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I'm thinking of using **kwargs in an unusual way: as data provider and not as overloading substituting tool. In this way all keyword arguments should be of one type, for example specifically formed tuple, and no way else. In example:

class SomeClass(object):
    '''All **kwargs should be in ("string", 1, True) form'''
    def __init__(self, some_param, **kwargs):
        self.param = some_param
        for arg in kwargs.itervalues():
            if not isinstance(arg[0], str):

        self.some_dict = kwargs

Is it OK to do so? I feel... strange, it seems uncanonical.

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Are you familiar with *args too? –  ulidtko Jan 17 '11 at 14:13
@ulidtko Yep. Basically question is about both, but eventually I ended up with **kwargs, because they are more complex. –  Daniel Excinsky Jan 17 '11 at 14:17
I think this code does not what you expect. kwargs is a dict, and its keys are always strings. If you iterate over it (for arg in kwargs), arg is always a string, so arg[0] is also always a string. –  Daniel Hepper Jan 17 '11 at 14:24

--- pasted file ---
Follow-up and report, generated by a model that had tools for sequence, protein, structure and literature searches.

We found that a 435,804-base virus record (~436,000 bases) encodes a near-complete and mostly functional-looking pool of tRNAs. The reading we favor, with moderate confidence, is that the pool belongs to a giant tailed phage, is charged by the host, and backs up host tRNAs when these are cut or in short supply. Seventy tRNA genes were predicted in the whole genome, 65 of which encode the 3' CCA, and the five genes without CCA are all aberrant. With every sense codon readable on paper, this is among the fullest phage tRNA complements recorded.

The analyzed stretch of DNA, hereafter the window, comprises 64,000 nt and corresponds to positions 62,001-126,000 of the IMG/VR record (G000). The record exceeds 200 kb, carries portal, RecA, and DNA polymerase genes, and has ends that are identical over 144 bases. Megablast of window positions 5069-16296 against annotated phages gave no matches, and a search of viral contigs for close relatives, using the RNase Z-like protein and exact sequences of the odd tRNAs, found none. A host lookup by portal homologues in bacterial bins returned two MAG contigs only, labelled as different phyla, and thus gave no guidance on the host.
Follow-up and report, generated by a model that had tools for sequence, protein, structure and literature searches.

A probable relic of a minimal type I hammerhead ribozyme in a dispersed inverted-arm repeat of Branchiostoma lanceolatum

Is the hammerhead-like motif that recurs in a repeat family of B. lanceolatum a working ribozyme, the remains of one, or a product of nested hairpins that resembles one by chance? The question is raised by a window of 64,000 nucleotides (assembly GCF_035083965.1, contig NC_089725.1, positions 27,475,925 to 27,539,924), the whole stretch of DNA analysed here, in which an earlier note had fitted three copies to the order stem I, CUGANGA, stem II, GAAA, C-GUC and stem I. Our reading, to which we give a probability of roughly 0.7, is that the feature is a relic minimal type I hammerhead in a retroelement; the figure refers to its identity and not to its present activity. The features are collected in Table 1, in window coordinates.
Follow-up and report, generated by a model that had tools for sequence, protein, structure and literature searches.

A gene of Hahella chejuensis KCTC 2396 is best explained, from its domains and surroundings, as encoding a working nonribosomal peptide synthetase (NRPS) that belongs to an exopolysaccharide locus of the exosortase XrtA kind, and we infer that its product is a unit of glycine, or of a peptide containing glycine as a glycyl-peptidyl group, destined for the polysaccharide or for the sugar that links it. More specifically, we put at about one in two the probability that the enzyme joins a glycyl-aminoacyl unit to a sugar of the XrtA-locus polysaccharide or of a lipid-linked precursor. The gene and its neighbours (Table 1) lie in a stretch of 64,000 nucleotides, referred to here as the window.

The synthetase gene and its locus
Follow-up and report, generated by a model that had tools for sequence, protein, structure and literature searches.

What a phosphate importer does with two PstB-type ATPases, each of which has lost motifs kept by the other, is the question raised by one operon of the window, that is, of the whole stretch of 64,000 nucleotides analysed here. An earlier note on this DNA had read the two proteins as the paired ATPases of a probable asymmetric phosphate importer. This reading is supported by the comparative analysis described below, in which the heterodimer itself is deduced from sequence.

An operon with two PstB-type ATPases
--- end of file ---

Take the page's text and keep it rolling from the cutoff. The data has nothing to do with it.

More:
@Daniel, oh, you are right. –  Daniel Excinsky Jan 17 '11 at 14:25

1 Answer 1

up vote 3 down vote accepted

See what the dict constructor does in Python:

>>> dict(one=1, two=2, three=3)
{'three': 3, 'two': 2, 'one': 1}

Also a "creative" use of keyword arguments. If this works for a standard type, and makes sense in your application, go for it.

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I guess, gravity just could not be wrong. Thanks! –  Daniel Excinsky Jan 17 '11 at 14:24

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